From the Calgary Herald
An unexpected battle is brewing between one of the province’s most powerful unions and an NDP government that’s always been labour-friendly but is now facing severe financial straits.
The Alberta Teachers’ Association will sit down with provincial negotiators next week to set parameters under new bargaining rules that will give the province more oversight in central contract issues, including salaries.
But at the same time, two sides that were often seen as allies amid decades of provincial Tory rule will now face off under a dark economic cloud that has seen oil prices plummet for months, tens of thousands of private-sector layoffs, and dwindling government revenue.
Pundits say with the ATA’s contract set to expire this summer, the upcoming round of contract talks is shaping up to be quite uncomfortable as the New Democrats face some of their strongest political supporters at the bargaining table.
“The days of being best friends may be gone,” said Duane Bratt, chair and professor in Mount Royal University’s Department of Policy Studies.
“There are teachers that are members of the party, that are some of the NDP’s closest supporters,” said Bratt, adding that several NDP MLAs are former educators.
“What does the government do when faced with this fiscal reality? Will they think of the broader economic situation or will they think about their supporters and members of their caucus?”
With the ATA’s current four-year agreement set to expire Aug. 31, 2016, a new round of collective bargaining is expected to start in the next few weeks.
In their existing contract, teachers received a zero per cent increase for the first three years and a two per cent increase in the fourth year, beginning Sept. 1, 2015, with a one per cent lump sum payment in the final year, paid out in November 2015.
But as they enter a new round of talks, Chaldeans Mensa, associate political science professor at MacEwan University in Edmonton, says teachers need to be aware of the economic reality.
“If teachers make unrealistic demands it may backfire. The public is in no mood to support that.”
“It’s difficult, because the NDP is facing two forces, the economic reality and their traditional allies. But the government knows they will have to hold the line.”
Education Minister David Eggen agrees the New Democrats and labour unions have supported each other in the past. But at the same time, he hopes both sides understand the fiscal challenges ahead.
The NDP announced earlier this week that the steep and prolonged collapse of world oil prices has doubled Alberta’s deficit projection for next year to more than $10 billion.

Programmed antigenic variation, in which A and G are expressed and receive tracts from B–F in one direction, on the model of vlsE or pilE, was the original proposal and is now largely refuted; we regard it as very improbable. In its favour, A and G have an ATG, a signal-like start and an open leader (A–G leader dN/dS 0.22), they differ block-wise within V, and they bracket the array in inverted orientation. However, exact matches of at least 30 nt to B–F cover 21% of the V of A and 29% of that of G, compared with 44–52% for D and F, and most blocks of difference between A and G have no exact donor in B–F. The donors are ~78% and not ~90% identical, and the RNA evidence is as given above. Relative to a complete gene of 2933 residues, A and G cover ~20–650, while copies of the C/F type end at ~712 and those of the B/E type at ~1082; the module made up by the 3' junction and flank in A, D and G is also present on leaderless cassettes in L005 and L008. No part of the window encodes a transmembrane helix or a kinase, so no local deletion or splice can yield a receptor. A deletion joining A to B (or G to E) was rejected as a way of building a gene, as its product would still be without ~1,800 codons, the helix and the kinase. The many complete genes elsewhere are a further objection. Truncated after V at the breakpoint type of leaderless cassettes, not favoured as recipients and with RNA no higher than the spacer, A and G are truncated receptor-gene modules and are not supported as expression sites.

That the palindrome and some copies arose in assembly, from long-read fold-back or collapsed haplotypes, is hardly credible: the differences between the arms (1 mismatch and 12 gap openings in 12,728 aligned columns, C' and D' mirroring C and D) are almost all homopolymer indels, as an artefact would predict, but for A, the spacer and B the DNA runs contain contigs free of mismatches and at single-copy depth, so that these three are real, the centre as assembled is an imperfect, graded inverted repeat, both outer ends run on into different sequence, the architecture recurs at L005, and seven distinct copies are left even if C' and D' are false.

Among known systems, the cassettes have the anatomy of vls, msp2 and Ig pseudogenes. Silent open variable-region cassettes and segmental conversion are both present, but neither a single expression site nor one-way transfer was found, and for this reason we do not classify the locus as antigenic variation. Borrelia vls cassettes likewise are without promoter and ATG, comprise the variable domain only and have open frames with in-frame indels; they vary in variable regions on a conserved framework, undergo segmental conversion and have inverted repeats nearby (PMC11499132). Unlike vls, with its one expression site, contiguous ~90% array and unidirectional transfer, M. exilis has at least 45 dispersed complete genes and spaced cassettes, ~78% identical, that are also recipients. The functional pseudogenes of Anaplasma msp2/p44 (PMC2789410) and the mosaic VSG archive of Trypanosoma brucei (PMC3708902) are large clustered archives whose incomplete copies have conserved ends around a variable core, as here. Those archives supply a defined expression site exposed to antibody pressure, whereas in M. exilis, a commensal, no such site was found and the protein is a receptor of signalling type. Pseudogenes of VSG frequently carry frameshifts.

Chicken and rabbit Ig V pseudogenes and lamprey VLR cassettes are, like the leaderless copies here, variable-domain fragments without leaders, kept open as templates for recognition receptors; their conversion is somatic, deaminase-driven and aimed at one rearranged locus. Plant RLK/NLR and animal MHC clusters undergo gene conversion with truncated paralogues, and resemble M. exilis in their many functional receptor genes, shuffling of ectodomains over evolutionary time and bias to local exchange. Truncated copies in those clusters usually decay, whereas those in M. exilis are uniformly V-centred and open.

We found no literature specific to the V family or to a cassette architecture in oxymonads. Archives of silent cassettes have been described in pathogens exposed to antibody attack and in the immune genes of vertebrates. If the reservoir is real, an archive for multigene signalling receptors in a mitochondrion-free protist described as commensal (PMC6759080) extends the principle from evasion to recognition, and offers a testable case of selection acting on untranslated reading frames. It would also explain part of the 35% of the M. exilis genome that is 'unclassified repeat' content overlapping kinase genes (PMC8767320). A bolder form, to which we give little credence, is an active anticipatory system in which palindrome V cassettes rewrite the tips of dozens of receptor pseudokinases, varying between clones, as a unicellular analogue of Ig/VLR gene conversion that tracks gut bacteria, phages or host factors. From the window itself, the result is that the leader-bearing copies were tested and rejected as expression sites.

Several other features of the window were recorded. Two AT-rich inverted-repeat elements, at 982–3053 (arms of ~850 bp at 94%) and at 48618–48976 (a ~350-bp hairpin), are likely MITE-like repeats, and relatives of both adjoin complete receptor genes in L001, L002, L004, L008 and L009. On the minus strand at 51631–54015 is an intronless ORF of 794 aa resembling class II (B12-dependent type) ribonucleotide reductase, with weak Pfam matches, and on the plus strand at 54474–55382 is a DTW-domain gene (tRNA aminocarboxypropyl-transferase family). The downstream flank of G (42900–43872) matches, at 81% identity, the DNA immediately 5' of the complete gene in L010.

Union contract talks will have to reflect that reality, Eggen stressed.
“This won’t be easy. I wake up in the middle of the night thinking about how we can do this.
“But we’ve been in a difficult economic circumstance since we were elected. We can see the clouds gathering.
“And we all live in this economic climate, everyone understands what that looks like.”
But ATA president Mark Ramsanker is adamant that in spite of a lack of resources, teachers are still faced with the critical, daily task of educating an increasing number of children and the system is bursting.
“Everybody keeps talking about the economic reality. But we have to balance that with the demographic reality of today’s classroom.”
Ramsanker estimates 55,000 new students have arrived in Alberta over the last five years, about 11,000 per year.
“The fact of the matter is classrooms are still very complex, and their sizes are still unmanageable.
“That’s the reality that has to be addressed.”
Under the new Bill 8, the Public Education Collective Bargaining Act, contract talks will be a three-step process starting with setting parameters around what will be negotiated at the central bargaining table versus what will be negotiated at the local level between teachers and school boards.
Once parameters are set, central bargaining begins first, followed by local bargaining by 61 school boards across the province.
Eggen said the initial central bargaining process will be good opportunity for “the funder” to make clear to the union the lack of available revenue.
Ramsanker replied the union will in turn use that opportunity to make clear the urgent needs in the classroom.